The letters of the word ABACUS have been arranged in the shape of a triangle. How many different ways can you find to read the word ABACUS from this triangular pattern?

Place the 16 different combinations of cup/saucer in this 4 by 4 arrangement so that no row or column contains more than one cup or saucer of the same colour.

A few extra challenges set by some young NRICH members.

Rather than using the numbers 1-9, this sudoku uses the nine different letters used to make the words "Advent Calendar".

Each of the main diagonals of this sudoku must contain the numbers 1 to 9 and each rectangle width the numbers 1 to 4.

Use the clues about the shaded areas to help solve this sudoku

Can you find six numbers to go in the Daisy from which you can make all the numbers from 1 to a number bigger than 25?

Find the smallest whole number which, when mutiplied by 7, gives a product consisting entirely of ones.

Two sudokus in one. Challenge yourself to make the necessary connections.

The puzzle can be solved with the help of small clue-numbers which are either placed on the border lines between selected pairs of neighbouring squares of the grid or placed after slash marks on. . . .

This pair of linked Sudokus matches letters with numbers and hides a seasonal greeting. Can you find it?

A game for 2 people. Take turns placing a counter on the star. You win when you have completed a line of 3 in your colour.

Four small numbers give the clue to the contents of the four surrounding cells.

A cinema has 100 seats. Show how it is possible to sell exactly 100 tickets and take exactly £100 if the prices are £10 for adults, 50p for pensioners and 10p for children.

Mr Smith and Mr Jones are two maths teachers. By asking questions, the answers to which may be right or wrong, Mr Jones is able to find the number of the house Mr Smith lives in... Or not!

A pair of Sudoku puzzles that together lead to a complete solution.

This Sudoku puzzle can be solved with the help of small clue-numbers on the border lines between pairs of neighbouring squares of the grid.

A Sudoku that uses transformations as supporting clues.

This Sudoku, based on differences. Using the one clue number can you find the solution?

You have been given nine weights, one of which is slightly heavier than the rest. Can you work out which weight is heavier in just two weighings of the balance?

Two sudokus in one. Challenge yourself to make the necessary connections.

You have twelve weights, one of which is different from the rest. Using just 3 weighings, can you identify which weight is the odd one out, and whether it is heavier or lighter than the rest?

Have a go at this game which has been inspired by the Big Internet Math-Off 2019. Can you gain more columns of lily pads than your opponent?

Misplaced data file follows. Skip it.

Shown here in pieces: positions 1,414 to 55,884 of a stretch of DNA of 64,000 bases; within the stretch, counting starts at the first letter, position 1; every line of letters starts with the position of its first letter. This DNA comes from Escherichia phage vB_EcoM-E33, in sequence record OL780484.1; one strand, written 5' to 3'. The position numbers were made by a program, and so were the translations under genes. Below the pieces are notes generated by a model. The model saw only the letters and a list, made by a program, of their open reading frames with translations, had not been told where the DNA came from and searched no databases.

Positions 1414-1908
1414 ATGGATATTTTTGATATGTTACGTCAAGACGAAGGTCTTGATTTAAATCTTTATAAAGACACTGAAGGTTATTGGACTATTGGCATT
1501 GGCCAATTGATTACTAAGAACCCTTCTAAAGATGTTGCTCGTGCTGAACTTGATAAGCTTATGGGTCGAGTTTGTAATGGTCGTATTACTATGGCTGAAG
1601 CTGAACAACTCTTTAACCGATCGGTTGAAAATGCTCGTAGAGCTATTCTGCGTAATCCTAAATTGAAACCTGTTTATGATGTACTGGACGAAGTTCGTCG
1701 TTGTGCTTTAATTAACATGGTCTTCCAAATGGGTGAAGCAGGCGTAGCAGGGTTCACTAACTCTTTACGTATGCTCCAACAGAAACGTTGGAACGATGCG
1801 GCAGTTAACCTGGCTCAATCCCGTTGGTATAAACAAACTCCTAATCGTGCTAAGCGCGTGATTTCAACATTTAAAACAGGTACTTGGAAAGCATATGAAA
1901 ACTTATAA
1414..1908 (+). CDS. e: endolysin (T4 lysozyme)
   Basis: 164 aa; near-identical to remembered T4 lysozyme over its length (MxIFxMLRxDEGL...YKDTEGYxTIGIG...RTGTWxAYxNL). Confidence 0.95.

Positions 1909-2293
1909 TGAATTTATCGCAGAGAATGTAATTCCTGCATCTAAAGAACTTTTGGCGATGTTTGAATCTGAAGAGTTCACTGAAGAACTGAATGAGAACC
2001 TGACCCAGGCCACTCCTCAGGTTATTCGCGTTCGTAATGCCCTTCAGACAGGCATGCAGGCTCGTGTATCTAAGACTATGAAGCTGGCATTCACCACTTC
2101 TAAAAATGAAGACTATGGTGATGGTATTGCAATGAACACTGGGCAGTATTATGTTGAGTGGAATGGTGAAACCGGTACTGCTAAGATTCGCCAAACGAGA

Can you use your powers of logic and deduction to work out the missing information in these sporty situations?

A challenging activity focusing on finding all possible ways of stacking rods.

A particular technique for solving Sudoku puzzles, known as "naked pair", is explained in this easy-to-read article.

An investigation involving adding and subtracting sets of consecutive numbers. Lots to find out, lots to explore.

Make your own double-sided magic square. But can you complete both sides once you've made the pieces?

If you are given the mean, median and mode of five positive whole numbers, can you find the numbers?

The puzzle can be solved by finding the values of the unknown digits (all indicated by asterisks) in the squares of the $9\times9$ grid.

Given the products of diagonally opposite cells - can you complete this Sudoku?

By selecting digits for an addition grid, what targets can you make?

An extra constraint means this Sudoku requires you to think in diagonals as well as horizontal and vertical lines and boxes of nine.

Three children are going to buy some plants for their birthdays. They will plant them within circular paths. How could they do this?

Different combinations of the weights available allow you to make different totals. Which totals can you make?

Four numbers on an intersection that need to be placed in the surrounding cells. That is all you need to know to solve this sudoku.

You need to find the values of the stars before you can apply normal Sudoku rules.

There is a long tradition of creating mazes throughout history and across the world. This article gives details of mazes you can visit and those that you can tackle on paper.

This challenging activity involves finding different ways to distribute fifteen items among four sets, when the sets must include three, four, five and six items.

This cube has ink on each face which leaves marks on paper as it is rolled. Can you work out what is on each face and the route it has taken?

60 pieces and a challenge. What can you make and how many of the pieces can you use creating skeleton polyhedra?

Use the differences to find the solution to this Sudoku.

This is a variation of sudoku which contains a set of special clue-numbers. Each set of 4 small digits stands for the numbers in the four cells of the grid adjacent to this set.

A monkey with peaches, keeps a fraction of them each day, gives the rest away, and then eats one. How long can his peaches last?

Can you arrange the numbers 1 to 17 in a row so that each adjacent pair adds up to a square number?

If you take a three by three square on a 1-10 addition square and multiply the diagonally opposite numbers together, what is the difference between these products. Why?